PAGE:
They say the way to a man’s heart is through his stomach. Clearly screenwriters believe that the way to a cinema goer’s heart (and wallet) may be through the stomach too. In the past few years we’ve had a gluttony(!) of films where food, more specifically, those who cook it, chefs, have been the main protagonist. Chef, The Hundred Foot Journey, Ratatouille, Burnt, Julie and Julia and No Reservations have all centred around the life and dramas of cooks. Michael Shannon is the latest actor to don an apron and sharpen his kitchen knives – in this case for possible nefarious purposes in Frank and Lola, which is out on DVD now.
He plays Frank, a chef in Las Vegas who trained in Paris and dreams of opening his own restaurant while grumpily serving up exquisite meals for dinner parties held by demanding wealthy private clients.
However, his culinary skills begin to play second fiddle to his emotions when he meets and quickly falls in love with Lola (Imogen Poots – Green Room), after saying he doesn’t easily fall in love. Lola is a troubled young woman who is clearly hiding something beneath the artsy fashion designer persona Frank first sees. When she cheats on Frank in an anonymous hotel room on the Vega strip and explains it as being the result of an abusive experience when much younger, Frank becomes embroiled in her past as well as intense emotions he has hitherto not revealed. Is Lola a glib liar messing with Frank’s head or is the Frenchman from her past playing him and her? Whether it’s the golds of Vegas or the deeps reds of Paris, the film is beautifully shot and lit. The glamour and shine of the surroundings enveloping the glamorous, wealthy people who inhabit them. But the passions of these people are dark and the film wears it’s noir palette well too.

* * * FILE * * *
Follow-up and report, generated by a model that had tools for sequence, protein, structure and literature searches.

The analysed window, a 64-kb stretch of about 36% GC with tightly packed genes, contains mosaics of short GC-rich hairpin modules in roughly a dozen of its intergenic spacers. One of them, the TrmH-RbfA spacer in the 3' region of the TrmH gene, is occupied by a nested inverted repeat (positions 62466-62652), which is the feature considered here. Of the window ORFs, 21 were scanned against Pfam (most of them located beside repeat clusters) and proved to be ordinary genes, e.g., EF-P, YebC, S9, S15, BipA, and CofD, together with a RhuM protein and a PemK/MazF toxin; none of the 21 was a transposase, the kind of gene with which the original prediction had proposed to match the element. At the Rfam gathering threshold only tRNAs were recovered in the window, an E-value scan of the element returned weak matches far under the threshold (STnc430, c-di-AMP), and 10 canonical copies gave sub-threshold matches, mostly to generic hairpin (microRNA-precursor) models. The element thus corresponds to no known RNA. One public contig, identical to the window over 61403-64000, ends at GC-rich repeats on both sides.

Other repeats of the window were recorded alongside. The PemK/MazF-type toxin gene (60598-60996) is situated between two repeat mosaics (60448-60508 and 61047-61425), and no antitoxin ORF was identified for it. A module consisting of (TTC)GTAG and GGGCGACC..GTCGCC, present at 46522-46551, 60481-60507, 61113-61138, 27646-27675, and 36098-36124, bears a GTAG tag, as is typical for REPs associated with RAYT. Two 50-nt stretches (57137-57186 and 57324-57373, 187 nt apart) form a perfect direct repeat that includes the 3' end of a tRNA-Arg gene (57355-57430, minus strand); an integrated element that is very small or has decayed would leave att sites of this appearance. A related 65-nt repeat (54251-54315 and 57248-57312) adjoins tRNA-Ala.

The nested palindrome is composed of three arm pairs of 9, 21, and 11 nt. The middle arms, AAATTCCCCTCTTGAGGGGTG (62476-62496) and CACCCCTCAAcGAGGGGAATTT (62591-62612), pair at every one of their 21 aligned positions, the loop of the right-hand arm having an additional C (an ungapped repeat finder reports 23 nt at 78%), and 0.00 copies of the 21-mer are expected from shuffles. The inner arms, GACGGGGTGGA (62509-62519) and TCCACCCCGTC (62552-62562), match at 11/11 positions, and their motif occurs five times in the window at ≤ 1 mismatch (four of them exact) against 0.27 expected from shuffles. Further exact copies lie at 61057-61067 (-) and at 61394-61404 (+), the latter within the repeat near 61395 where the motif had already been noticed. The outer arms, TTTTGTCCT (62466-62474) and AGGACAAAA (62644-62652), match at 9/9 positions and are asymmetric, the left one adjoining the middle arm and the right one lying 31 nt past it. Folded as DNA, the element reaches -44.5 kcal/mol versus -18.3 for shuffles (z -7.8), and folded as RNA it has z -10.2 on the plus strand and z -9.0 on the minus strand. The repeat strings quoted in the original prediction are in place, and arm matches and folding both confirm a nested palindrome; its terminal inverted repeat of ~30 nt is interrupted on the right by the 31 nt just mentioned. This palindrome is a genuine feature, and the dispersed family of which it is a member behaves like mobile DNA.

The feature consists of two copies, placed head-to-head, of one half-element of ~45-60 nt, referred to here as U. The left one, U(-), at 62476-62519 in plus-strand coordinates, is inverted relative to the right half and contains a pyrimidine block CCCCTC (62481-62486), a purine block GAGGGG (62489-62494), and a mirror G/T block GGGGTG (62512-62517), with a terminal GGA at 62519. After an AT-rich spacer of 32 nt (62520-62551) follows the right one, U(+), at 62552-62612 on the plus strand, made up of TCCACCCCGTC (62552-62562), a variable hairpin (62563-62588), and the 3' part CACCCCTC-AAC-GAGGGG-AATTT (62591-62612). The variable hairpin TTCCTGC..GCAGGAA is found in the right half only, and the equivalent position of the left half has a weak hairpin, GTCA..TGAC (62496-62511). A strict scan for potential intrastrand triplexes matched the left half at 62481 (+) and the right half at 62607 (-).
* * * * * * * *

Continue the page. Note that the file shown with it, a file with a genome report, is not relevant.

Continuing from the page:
Frank and Lola is Matthew Ross’ first feature as writer and director and it took him the best part of a decade to get it made, moving the setting from New York to the glitzier Vegas at the request of producers. The change works well enough. The town and subject matter complement each other black and gold tend to do. The film is ultimately about male jealousy, the betrayal within love and the primeval desire for revenge which can overtake the most mild mannered once passion is involved.
As a director, Ross makes a more assured debut than as a writer. While he puts in enough twists and turns to keep you guessing what might happen next, the characters aren’t compelling enough to care a great deal about. Both Shannon and Poots do their best to imbue Frank and Lola with the believability that a film like this, based around a relationship, needs and although the writing doesn’t always help them, they keep the story going with their efforts.
Frank and Lola is out now on DVD and digital download.
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David Edwards is the editor of The Blurb and a contributor on film and television